British Golf Museum | £45,471 | Fore! Driving Inclusivity: Engaging the Local Community with the Nationally Significant Collection of the British Golf Museum

The museum are establishing positive change across many areas of Museum operation to attract local visitors, with the majority of their current visitors being from outside of St Andrews. They are seeking support to commission a piece of external research of their current and potential audiences and from this they will develop an audience development plan.



University of Glasgow | £51,000 | Curating Discomfort

This project will find new, inclusive ways to provide interpretation of contested collections so that it is sensitive to diverse voices. It will do so by bringing in a facilitation consultant to support the museum to run a series of community conversations and digital initiatives which will inform the development of interpretative strategies around questions including public health, social and gender equalities, and colonial histories.


Glasgow Life, Glasgow Museums | £60,000 | Legacies of Slavery and Empire

Funds to Glasgow Museums will support them to acknowledge and highlight the city's legacy of slavery, allowing them to weave the narrative through all of their museum sites. A programme of community engagement, collaborative research and public programming will inform and add vibrancy to the project. To plan and coordinate this they will recruit a Project Curator who will develop a display strategy in collaboration with community stakeholders.



Groam House Museum | £59,880 | Sharing the Creativity of Celtic Art through George Bain's Collection

Groam House will increase access to their Nationally Significant Collection and increase engagement with it. Via an interactive website, users will be able to comment on content and upload their own creative output and responses to the collection. Alongside this, they will run animation and dance workshops inspired by the collection and delivered by Platform and Plan B dance company. These will serve to raise awareness of the collection and the possibilities it presents to inspire creative activity.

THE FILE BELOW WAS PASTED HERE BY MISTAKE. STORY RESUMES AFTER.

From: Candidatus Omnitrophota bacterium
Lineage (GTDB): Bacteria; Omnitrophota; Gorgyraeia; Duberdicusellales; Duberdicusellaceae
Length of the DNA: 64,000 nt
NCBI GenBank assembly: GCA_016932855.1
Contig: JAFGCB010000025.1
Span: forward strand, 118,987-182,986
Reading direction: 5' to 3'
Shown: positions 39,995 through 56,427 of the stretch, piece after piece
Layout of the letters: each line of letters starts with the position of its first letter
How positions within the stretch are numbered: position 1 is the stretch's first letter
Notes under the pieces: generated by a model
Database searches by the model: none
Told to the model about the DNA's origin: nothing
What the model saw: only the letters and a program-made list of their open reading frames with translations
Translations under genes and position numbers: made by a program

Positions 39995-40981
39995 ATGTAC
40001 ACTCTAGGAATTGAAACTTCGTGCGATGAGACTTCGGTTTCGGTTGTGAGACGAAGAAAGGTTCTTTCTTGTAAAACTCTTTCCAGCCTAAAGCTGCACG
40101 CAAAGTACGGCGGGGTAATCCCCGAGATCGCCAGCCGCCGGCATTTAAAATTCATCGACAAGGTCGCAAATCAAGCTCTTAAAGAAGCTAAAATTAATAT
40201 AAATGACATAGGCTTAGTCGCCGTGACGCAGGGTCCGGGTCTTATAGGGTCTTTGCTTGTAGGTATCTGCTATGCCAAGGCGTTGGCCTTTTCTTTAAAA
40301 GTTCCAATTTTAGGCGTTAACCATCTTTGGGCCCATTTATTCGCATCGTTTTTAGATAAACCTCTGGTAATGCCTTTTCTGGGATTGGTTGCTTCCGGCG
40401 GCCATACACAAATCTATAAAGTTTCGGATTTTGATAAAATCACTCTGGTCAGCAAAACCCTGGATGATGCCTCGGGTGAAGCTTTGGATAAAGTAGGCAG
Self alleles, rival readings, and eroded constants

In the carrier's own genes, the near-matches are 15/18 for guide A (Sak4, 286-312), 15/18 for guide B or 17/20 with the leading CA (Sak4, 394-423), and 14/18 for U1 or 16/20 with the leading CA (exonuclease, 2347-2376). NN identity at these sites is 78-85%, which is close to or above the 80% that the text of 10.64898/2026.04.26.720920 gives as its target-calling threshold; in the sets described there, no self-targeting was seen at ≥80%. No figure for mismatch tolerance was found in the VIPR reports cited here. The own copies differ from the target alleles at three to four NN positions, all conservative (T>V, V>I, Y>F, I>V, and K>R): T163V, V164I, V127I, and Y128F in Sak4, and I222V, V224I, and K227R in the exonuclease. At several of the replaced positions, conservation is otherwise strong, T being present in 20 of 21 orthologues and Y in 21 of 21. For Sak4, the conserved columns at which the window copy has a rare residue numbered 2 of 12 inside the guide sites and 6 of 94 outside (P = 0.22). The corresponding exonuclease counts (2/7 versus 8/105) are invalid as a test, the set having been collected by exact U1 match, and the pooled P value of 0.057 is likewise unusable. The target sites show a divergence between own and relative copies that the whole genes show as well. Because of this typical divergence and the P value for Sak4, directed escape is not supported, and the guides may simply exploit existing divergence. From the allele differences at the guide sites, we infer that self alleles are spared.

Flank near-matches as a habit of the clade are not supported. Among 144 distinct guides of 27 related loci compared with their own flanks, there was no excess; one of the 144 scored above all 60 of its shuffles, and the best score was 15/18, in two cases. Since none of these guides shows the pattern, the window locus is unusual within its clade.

Culture Perth and Kinross | £59,924 | My Museum

This project aims to introduce innovative and interactive digital engagement opportunities using accessible and fun online platforms. The project will work in partnership with cutting edge practitioners in Dundee to create the digital tools the museum requires to connect audiences to collections. Focusing on objects destined for display in the new Perth City Hall museum, the project will work with curators and a team of volunteers to create easily digestible, stimulating content. The funding will cover the cost of a short-term supporting post.



Crawfordjohn Heritage Venture Trust | £19,142 | Conservation Heating

The museum is located in an old church building and wish to improve their visitor experience. They have a wide programme of renovations planned and this funding will be used to install a conservation heating system with environmental controls as well as a designated archive space. These improvements will allow them to improve their ability to conserve collection items, and improve knowledge and research of them, as volunteers can work on the collections all year round.



Notes to editors

  • Museums Galleries Scotland is the National Development Body for museums and galleries in Scotland and offers strategic development support to the sector.
  • To support the development of a sustainable museum sector and increase its public value, MGS produced Going Further: The National Strategy for Scotland’s Museums and Galleries in 2012.
  • MGS’s work supports and enables sector delivery in line with the National Strategy, brokering partnerships and providing the development opportunities, support, skills and funding museums need to work towards becoming more sustainable and resilient.
  • For further information about Museums Galleries Scotland visit




The current Gallery of Modern Art in Glasgow was built in 1778 as the townhouse of William Cunninghame of Lainshaw, a wealthy Glasgow tobacco lord who made his fortune through the triangular slave trade. Copyright: Glasgow Museums.

Published 05 July 2019